Among the sweeping changes to workplace law passed by the New York legislature this session is a dramatic expansion to the law prohibiting pay discrimination. The new legislation also substantially reduces the standard for establishing that unlawful pay discrimination has occurred. Taken together, these measures are likely to materially increase the quantity of equal pay cases brought against employers, as well as plaintiffs’ likelihood of success on those claims.
Currently, New York Labor Law § 194 prohibits pay differentials only based on sex. Once enacted, the amendments will prohibit pay differentials based on any characteristic otherwise protected under the New York Human Rights Law, including age, race, creed, color, national origin, sexual orientation, gender identity or expression, military status, sex, disability, predisposing genetic characteristics, familial status, military status, and domestic violence victim status. These protections would apply to employees, and also to interns who are covered by the New York Human Rights Law.
To establish an unlawful pay differential under the existing law, an employee has to show that he or she performs work that is “substantially equal” to that of a member of the opposite sex. Under the new legislation, the employee or intern could prevail by showing that he or she is paid less than an individual outside his or her protected classification who performs “substantially similar work, when viewed as a composite of skill, effort, and responsibility, and performed under similar working conditions.” This reduced threshold of proof, from “substantially equal” to “substantially similar,” may make it easier for an individual to prevail in a pay discrimination claim. And the further modification of the standard of comparison to include comparative positions that are substantially similar “when viewed as a composite of skill, effort, and responsibility” may result in claims of pay discrimination based on positions that are not otherwise considered similar.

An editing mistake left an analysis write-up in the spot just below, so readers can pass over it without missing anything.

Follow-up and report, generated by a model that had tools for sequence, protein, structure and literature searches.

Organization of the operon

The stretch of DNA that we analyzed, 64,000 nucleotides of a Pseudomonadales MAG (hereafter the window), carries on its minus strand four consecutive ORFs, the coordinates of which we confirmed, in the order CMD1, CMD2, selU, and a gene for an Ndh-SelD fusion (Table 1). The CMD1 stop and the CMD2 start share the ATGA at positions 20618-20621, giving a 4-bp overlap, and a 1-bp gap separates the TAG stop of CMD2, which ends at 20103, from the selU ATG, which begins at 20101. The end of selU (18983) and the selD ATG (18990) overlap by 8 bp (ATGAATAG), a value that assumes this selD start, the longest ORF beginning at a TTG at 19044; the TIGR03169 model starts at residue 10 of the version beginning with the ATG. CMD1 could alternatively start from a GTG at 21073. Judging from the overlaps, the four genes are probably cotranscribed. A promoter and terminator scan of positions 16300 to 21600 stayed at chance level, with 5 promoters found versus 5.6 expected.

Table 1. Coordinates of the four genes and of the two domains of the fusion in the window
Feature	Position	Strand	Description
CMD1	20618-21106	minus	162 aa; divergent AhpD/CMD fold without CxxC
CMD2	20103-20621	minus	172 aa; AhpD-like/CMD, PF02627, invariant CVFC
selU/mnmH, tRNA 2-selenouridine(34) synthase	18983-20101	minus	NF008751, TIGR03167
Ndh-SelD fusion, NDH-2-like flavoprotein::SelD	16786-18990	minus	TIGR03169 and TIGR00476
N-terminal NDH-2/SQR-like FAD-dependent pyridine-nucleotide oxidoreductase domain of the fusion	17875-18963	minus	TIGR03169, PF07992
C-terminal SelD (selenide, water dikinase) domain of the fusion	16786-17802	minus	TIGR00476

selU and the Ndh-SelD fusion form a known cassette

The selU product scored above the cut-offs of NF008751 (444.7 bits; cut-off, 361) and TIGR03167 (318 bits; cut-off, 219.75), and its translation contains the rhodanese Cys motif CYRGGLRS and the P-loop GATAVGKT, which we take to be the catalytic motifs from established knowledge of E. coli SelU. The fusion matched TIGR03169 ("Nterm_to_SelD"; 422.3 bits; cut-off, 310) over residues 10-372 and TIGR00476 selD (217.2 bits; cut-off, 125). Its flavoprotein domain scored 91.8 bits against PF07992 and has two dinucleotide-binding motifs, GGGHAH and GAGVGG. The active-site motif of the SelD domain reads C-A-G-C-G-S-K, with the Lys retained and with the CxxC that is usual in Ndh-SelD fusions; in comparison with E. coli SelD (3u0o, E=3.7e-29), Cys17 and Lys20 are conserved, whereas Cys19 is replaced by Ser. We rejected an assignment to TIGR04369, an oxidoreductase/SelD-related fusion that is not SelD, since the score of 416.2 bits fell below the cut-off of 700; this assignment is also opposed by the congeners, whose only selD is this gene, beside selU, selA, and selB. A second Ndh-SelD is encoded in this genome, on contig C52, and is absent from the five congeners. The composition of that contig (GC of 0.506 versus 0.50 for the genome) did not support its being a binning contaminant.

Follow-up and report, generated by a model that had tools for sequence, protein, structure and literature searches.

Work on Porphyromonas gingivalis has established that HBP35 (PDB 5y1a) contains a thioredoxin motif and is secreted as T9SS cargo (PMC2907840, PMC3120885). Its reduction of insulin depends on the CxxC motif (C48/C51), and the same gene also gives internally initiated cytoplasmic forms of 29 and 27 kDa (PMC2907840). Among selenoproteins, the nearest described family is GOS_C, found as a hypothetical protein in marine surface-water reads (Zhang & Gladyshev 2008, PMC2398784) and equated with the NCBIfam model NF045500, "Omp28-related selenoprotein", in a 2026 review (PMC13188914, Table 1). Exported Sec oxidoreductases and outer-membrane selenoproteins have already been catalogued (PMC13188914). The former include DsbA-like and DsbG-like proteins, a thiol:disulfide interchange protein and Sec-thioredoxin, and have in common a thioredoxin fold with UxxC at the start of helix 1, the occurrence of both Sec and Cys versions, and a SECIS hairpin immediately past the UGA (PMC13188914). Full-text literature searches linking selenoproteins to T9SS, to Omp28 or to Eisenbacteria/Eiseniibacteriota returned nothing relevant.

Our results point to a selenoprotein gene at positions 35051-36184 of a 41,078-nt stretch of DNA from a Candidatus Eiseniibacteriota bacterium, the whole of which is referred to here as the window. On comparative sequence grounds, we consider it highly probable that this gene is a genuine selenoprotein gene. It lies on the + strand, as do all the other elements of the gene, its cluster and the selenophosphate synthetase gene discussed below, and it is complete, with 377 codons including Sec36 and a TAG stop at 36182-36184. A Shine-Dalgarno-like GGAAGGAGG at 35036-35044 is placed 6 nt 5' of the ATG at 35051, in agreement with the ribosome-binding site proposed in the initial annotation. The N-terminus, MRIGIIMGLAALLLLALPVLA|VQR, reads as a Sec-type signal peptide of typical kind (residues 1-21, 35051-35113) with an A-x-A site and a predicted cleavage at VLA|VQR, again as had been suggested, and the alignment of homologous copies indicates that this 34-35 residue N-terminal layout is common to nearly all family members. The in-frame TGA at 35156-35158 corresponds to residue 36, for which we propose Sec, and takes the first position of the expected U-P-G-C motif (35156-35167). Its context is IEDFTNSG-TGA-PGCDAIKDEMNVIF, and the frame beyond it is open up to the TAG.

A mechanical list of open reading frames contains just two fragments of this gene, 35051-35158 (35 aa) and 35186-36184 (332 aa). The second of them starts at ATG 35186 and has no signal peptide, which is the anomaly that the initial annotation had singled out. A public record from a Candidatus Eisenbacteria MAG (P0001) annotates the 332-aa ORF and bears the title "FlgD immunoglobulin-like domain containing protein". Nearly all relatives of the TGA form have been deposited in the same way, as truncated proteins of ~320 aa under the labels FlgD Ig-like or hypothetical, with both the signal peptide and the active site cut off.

The legislation does not eliminate what is often the most significant defense for an employer in pay discrimination litigation. Specifically, employers can still pay different rates for legitimate, non-discriminatory reasons such as seniority, merit, quantity or quality of production, or a bona fide factor other than the protected classification (for example, education, experience, or training). This defense, however, is not available where the bona fide factor on which the employer relies is based upon a compensation differential related to a protected classification, or which is not job-related and consistent with business necessity. In addition, an individual alleging pay discrimination can overcome the employer’s defense by showing that the employer’s practices cause a disparate impact based on a protected classification.
This legislation was recently signed into law by Governor Cuomo and, as a result, will take effect on October 8, 2019. In view of the impending changes to the law, New York employers are encouraged to carefully review their compensation policies and practices in close consultations with their counsel.